Alert Sign Dear reader, online ads enable us to deliver the journalism you value. Please support us by taking a moment to turn off Adblock on

Alert Sign Dear reader, please upgrade to the latest version of IE to have a better reading experience


This photograph taken on July 22, 2010 shows Dr Shakeel Afridi attending a Malaria control campaign in the Khyber tribal region. — Photo by AFP

ISLAMABAD, Sept 11: The ISI rubbished as ‘fiction’ on Tuesday a reported interview by a US TV channel of jailed Dr Shakeel Afridi, allegedly involved in tracing Al Qaeda chief Osama bin Laden.

“There is no evidence to suggest that Fox News correspondent had interviewed Dr Afridi,” a senior security official said after preliminary investigations.

“It is all concocted and baseless,” he said as he laughed off the claims made in the interview. “It’s amusing how well he (as reported in the interview) learnt about ISI operations from the cell in which he was kept blindfolded for eight months, as claimed by him,” he added.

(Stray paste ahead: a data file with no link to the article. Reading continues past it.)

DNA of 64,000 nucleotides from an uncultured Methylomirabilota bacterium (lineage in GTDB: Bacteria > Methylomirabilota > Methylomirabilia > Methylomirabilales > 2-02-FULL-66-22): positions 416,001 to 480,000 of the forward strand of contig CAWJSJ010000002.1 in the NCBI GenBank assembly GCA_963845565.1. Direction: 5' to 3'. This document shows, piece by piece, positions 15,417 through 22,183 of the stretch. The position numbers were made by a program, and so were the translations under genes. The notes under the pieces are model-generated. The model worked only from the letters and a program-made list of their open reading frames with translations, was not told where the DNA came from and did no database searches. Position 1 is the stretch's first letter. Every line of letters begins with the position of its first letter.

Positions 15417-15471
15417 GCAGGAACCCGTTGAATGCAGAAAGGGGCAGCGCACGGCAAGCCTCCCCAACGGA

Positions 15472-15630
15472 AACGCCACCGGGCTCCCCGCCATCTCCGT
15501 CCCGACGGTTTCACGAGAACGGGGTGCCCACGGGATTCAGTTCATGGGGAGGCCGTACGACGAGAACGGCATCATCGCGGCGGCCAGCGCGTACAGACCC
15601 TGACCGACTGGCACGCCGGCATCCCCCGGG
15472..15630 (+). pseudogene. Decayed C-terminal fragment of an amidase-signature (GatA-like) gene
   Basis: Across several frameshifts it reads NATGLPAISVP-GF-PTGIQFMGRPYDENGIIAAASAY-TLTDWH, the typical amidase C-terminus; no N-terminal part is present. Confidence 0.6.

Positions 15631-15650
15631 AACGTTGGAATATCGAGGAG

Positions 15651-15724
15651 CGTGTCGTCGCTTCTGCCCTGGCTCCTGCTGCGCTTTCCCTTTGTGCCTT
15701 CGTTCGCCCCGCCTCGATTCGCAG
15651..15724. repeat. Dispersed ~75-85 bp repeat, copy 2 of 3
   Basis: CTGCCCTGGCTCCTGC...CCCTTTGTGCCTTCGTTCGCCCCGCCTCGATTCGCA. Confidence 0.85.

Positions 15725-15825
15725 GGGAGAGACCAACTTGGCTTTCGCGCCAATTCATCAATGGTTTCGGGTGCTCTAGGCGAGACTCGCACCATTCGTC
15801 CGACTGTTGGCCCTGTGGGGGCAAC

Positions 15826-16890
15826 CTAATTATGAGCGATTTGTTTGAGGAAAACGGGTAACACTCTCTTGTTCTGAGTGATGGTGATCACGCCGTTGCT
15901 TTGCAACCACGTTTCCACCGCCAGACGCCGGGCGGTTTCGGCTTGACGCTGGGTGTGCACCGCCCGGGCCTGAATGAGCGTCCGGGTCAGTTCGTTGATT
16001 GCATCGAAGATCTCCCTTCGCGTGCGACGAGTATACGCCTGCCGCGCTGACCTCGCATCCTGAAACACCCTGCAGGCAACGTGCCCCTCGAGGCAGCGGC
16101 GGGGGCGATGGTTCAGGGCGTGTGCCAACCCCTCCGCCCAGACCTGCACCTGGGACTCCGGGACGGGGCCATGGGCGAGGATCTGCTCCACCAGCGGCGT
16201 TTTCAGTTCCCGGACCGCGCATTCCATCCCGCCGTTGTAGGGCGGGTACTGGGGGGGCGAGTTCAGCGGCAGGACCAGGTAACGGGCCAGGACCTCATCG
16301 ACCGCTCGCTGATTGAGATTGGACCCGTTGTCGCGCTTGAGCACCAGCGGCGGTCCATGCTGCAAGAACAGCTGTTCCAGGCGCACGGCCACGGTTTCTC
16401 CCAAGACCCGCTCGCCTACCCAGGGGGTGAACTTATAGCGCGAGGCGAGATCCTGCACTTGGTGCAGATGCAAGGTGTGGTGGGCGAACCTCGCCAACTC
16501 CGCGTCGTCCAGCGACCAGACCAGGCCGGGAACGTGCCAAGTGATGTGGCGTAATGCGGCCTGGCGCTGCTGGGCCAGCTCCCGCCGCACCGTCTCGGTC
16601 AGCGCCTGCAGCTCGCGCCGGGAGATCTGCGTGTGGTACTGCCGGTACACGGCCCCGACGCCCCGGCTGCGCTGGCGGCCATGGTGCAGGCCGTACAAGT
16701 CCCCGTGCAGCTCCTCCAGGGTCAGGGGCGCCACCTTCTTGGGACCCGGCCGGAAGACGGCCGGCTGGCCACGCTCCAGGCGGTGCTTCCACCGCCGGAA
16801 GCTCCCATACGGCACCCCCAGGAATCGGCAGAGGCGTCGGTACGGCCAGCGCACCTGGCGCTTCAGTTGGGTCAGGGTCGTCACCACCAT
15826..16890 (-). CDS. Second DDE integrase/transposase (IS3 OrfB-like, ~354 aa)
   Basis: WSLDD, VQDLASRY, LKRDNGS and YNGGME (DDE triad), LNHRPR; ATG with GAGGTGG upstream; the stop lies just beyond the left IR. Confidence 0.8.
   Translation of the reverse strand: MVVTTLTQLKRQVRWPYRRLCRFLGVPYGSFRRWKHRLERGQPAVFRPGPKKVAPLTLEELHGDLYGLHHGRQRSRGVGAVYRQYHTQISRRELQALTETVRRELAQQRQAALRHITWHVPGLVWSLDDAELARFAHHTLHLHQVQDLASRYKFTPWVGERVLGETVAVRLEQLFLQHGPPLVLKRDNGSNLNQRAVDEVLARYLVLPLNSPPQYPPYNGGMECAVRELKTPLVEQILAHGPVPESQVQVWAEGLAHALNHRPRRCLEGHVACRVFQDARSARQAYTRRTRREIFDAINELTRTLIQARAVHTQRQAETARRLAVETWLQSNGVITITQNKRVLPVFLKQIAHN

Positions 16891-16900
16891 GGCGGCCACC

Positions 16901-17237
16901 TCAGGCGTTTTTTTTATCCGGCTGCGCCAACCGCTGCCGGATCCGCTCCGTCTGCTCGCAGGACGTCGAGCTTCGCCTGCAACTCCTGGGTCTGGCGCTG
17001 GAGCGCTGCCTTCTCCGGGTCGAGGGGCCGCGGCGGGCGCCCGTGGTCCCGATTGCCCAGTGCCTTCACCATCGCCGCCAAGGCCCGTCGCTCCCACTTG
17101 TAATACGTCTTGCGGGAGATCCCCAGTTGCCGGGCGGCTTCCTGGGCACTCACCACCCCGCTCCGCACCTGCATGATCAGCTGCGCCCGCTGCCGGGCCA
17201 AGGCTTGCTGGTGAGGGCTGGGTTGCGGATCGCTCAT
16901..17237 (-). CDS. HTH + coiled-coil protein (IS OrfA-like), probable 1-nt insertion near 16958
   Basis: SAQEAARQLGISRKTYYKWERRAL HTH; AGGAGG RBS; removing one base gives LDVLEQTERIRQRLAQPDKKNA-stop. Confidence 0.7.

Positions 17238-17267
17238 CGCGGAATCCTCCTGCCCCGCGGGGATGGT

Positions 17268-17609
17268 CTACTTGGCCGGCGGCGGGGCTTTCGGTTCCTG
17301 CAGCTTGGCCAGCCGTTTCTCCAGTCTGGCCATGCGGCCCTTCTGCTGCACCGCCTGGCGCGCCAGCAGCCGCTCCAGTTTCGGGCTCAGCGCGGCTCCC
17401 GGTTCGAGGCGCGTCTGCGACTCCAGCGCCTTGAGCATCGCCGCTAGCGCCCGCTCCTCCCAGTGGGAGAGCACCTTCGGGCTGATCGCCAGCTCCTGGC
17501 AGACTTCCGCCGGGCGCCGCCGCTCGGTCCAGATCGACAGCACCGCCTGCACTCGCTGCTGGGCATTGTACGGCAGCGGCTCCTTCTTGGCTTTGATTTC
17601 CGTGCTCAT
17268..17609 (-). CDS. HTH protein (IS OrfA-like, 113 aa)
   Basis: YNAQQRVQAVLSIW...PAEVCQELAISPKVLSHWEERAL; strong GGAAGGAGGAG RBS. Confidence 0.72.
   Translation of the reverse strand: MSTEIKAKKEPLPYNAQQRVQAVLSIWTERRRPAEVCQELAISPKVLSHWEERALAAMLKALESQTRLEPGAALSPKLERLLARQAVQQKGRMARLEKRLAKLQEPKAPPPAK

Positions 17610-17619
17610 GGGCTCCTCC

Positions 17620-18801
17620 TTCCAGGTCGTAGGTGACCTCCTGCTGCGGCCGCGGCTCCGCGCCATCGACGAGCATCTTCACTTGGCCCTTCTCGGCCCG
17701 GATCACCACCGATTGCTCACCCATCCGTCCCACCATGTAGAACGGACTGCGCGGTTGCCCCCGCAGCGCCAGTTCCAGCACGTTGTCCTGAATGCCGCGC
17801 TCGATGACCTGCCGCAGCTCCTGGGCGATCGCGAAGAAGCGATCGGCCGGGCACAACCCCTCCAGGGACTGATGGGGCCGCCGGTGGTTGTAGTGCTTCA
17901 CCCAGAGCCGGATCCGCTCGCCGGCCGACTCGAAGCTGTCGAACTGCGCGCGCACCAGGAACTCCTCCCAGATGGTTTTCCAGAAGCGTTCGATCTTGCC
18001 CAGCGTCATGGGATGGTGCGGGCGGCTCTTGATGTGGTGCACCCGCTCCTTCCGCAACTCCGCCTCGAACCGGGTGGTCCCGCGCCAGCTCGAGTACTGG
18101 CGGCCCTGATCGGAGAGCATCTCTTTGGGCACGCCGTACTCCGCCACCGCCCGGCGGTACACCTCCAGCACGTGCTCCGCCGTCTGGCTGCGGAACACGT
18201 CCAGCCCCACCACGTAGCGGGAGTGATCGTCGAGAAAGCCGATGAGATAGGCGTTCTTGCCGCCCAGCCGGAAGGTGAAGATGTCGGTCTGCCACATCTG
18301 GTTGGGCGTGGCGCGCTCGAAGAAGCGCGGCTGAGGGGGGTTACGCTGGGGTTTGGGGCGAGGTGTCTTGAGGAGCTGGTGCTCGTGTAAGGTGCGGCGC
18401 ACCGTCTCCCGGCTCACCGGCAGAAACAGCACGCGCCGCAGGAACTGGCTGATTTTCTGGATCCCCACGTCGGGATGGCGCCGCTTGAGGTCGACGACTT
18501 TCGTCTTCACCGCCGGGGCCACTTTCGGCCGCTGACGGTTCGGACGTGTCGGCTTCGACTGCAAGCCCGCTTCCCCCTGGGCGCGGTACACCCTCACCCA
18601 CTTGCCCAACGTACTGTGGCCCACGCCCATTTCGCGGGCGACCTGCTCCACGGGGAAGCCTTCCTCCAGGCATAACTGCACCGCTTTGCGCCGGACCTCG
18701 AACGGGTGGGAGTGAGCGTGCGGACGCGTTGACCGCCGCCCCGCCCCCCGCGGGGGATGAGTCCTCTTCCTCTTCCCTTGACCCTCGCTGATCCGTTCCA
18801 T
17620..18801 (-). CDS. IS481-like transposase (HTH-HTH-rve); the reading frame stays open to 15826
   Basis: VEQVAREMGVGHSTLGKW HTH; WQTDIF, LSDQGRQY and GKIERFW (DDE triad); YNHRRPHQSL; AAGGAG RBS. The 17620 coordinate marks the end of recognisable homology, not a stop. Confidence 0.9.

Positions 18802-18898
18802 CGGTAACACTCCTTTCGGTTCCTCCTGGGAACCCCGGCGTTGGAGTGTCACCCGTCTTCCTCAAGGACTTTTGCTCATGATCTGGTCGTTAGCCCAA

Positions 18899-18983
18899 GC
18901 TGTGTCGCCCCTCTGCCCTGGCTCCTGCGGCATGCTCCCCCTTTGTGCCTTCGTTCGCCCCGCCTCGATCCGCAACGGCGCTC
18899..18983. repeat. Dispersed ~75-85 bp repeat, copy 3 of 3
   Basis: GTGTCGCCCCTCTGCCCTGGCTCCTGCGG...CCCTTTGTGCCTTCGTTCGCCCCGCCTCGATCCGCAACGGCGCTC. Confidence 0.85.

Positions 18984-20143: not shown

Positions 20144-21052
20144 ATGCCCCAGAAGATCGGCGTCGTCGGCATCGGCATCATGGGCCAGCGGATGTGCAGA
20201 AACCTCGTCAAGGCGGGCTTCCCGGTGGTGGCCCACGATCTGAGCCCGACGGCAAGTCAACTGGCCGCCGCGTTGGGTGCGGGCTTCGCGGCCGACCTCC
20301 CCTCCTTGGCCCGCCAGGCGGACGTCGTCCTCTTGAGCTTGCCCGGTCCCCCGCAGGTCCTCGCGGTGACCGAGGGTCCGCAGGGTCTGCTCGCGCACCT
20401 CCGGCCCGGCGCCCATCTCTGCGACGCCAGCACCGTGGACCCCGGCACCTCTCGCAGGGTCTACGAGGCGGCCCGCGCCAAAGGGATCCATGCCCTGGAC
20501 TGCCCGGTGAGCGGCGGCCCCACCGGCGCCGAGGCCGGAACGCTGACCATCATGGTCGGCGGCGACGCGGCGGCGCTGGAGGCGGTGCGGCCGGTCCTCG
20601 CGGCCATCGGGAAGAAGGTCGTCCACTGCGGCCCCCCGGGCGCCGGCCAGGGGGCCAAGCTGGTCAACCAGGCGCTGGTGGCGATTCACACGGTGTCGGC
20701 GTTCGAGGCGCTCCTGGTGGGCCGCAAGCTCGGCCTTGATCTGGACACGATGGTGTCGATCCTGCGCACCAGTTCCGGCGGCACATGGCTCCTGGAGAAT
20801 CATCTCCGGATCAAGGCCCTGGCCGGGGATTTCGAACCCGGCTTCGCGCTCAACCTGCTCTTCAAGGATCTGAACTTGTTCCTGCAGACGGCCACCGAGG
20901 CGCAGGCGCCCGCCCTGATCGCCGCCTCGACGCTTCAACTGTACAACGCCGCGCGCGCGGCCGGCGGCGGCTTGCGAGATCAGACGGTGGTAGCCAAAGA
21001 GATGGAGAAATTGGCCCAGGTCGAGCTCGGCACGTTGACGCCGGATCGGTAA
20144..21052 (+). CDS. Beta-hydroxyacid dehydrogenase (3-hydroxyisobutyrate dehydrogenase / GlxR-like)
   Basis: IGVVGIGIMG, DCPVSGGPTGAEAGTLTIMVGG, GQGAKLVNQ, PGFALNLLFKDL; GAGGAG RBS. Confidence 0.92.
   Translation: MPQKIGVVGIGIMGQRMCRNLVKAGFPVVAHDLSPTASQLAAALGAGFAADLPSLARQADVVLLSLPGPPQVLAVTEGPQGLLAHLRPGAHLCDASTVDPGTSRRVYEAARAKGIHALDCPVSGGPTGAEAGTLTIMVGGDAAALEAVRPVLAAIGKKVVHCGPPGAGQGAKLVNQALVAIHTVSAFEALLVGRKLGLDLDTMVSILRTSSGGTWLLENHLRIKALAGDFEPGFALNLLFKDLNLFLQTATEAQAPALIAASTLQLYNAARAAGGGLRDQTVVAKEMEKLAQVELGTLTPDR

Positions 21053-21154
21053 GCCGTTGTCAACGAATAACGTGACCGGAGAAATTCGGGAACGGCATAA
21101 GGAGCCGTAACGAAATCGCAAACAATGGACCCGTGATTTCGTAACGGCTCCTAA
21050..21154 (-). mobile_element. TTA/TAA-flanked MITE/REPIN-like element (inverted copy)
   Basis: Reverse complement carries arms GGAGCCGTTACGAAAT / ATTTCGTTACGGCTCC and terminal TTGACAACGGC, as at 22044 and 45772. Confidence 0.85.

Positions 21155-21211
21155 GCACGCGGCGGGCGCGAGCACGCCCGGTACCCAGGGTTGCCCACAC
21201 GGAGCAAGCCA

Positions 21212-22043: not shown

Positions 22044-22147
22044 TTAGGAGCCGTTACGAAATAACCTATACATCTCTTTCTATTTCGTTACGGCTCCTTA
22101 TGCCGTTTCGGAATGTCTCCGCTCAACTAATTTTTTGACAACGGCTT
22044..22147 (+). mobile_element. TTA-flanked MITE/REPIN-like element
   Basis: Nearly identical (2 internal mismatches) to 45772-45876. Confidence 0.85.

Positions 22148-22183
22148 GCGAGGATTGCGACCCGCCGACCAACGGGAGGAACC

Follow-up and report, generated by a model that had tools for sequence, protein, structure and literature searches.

The jail in which he has been lodged has ‘jammers’ that block cellphone signals, another official said.

An ISPR official said the move had been made to undermine the prospects of resumption of the Pakistan-US Strategic Dialogue.

The dialogue is expected to resume following improvement in ties between the two countries since July 3 when US Secretary of State Hillary Clinton said sorry for the death of Pakistani troops in an attack on Salala border posts last November.

In his supposed interview, Dr Afridi had spoken about his detention in an ISI facility in Islamabad during which he got a chance to interact with other militants who were also being interrogated there.

Dr Afridi supposedly also told the interviewer how much the ISI was hostile to the US.

However, Fox News correspondent Dominic Di-Natale in a tweet posting said: “We asked key questions for ID purposes based on a track record of details. Then I directly spoke for 40 mins w/him on Saturday.” He refused to speak to Dawn and instead suggested contacting the Fox News public relations department.

He told a friend that he had exchanged a number of messages with Dr Afridi through an intermediary for weeks before his telephonic conversation with him last weekend. —Staff Reporter